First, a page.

The present work fits perfectly into the cultural climate described so far, and can be attributed with certainty to Santi di Tito, whose style is evident in the oval faces, with their rose-coloured flesh and sweet, serene features. Also typical is the physiognomy of the Virgin, with her rosy cheeks and face inclined in acceptance of the divine will expressed by the angel. The scene takes place in a domestic interior enveloped in shadow, although the bed and canopy are visible in the background, and also the low chair next to the workbasket: an extremely simple wicker basket, on which the light plays creating chiaroscuro effects entirely in keeping with the innovations of the late Cinquecento. And light is also given the task of unifying the space and the scene, a light that from supernatural - a halo around the angel and the Holy Spirit - becomes natural and allows the paint to record naturalistic effects on the bodies and clothing, or to create dazzling contrasts in tone, patches of light and deep shadow, like the gleam that renders the wall behind the Virgin tangible, or illuminates the golden straw of the chair that acts as a kneeling-stool. And it is light, once again, that regulates and makes plausible the spatiality of the scene with expedients of naturalistic illusionism that now suggest a space that only a few years earlier would have been regulated by rigid perspective. The episode of the Annunciation is thus brought into an everyday environment, domestic and serene, imbued with the change of style that towards the end of the century was to result in painting more sombre in tone, while nevertheless remaining faithful to the simplicity "senza errori" of Andrea del Sarto.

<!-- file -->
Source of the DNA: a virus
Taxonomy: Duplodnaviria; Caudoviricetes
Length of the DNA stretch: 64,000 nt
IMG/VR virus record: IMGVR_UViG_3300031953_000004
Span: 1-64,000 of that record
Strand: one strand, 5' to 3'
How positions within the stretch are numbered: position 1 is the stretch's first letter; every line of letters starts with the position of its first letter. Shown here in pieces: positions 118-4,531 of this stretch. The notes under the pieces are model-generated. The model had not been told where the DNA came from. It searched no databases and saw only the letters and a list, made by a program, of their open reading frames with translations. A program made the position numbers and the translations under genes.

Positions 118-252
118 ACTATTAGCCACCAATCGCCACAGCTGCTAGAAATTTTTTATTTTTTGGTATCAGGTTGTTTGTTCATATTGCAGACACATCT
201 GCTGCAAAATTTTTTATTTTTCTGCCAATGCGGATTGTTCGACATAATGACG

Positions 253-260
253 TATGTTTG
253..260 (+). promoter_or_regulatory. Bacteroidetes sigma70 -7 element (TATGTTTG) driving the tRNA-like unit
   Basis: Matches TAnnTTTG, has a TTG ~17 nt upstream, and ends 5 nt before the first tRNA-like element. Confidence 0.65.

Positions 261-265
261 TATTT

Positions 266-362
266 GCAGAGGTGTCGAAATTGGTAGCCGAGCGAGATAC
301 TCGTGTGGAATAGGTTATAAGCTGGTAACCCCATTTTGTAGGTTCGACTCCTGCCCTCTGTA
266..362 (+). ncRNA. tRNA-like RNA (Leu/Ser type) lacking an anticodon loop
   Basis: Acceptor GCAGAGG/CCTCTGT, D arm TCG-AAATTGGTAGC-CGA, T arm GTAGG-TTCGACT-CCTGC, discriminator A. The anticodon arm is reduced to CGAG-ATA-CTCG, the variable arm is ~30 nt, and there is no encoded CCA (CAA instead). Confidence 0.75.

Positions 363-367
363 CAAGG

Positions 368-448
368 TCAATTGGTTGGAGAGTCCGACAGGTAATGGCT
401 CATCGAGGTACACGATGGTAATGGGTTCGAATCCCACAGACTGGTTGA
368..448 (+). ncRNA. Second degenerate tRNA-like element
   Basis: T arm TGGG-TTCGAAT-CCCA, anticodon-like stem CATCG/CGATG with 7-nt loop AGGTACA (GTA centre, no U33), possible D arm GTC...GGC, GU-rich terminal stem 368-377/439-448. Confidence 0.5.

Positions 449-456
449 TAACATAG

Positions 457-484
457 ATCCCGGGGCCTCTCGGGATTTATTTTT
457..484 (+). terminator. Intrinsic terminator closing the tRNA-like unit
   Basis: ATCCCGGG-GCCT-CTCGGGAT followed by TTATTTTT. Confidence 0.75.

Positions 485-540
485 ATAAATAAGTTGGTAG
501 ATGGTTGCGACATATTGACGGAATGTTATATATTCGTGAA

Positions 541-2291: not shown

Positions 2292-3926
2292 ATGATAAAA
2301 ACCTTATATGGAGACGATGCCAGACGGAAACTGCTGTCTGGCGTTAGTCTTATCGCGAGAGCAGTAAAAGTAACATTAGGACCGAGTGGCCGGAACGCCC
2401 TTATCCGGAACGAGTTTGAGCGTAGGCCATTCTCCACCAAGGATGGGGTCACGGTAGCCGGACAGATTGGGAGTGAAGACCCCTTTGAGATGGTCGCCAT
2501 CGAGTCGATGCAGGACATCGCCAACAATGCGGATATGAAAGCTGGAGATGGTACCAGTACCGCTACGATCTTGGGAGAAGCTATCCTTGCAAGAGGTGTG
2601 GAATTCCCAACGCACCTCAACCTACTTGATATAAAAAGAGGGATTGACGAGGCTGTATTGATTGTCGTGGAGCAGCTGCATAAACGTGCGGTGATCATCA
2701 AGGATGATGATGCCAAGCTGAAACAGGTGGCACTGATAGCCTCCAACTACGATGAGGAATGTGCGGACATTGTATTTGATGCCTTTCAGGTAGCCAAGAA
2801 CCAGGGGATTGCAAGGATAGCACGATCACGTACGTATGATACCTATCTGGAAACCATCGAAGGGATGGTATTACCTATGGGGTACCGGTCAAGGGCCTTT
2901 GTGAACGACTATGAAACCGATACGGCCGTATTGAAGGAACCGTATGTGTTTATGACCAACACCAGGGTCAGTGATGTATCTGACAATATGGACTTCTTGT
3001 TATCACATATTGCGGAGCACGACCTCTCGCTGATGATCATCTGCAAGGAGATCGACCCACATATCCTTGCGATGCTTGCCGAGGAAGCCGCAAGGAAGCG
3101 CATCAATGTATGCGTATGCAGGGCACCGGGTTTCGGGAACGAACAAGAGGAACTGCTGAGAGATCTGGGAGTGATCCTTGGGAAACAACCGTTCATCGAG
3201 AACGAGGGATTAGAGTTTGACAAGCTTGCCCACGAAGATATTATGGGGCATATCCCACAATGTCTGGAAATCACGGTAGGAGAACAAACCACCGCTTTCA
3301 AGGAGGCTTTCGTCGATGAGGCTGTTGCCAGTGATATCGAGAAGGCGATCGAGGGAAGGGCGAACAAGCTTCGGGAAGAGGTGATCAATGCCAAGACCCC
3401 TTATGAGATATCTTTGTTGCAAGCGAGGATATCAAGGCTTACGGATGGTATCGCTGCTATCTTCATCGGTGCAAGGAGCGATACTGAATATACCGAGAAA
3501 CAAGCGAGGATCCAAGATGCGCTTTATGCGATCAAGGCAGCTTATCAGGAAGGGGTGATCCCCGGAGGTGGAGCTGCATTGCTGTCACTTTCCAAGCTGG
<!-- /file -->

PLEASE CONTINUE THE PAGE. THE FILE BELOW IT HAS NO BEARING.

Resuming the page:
As far as the date of execution of the present work is concerned, comparisons can be made with works representing the same subject, such as the Annunciation in the church of the Compagnia di San Salvatore in Sinalunga, in which a more solid modelling of the faces and bodies seems consistent with other works dating to the end of the 1570s. Closer to the stylistic characteristics of the present painting are the compositional simplicity and luminosity of the Annunciation in the Museo Civico di Sansepolcro, signed and dated 1589. In this altarpiece the kneeling angel surprises the Virgin in the darkened room of a palazzo looking out over a landscape, a work already infused with a stronger light effects than the present Annunciation, which is probably datable to the mid 1590s, just a little earlier than the Annunciation for the Vecchietti chapel in Santa Maria Novella. In that monumental altarpiece executed by Santi di Tito at the very beginning of the Seicento, shortly before his death in 1603, strong and vivid beams of light create deep shadows that barely hint at the space of the room in which the angel encounters Mary, beams of light that pick out the objects with greater intensity compared to the present painting and achieve lighting effects that reveal an awareness of Caravaggesque innovations, and displaying the painterly skills of an artist who was a protagonist on the Florentine and Italian artistic stage during the late Cinquecento.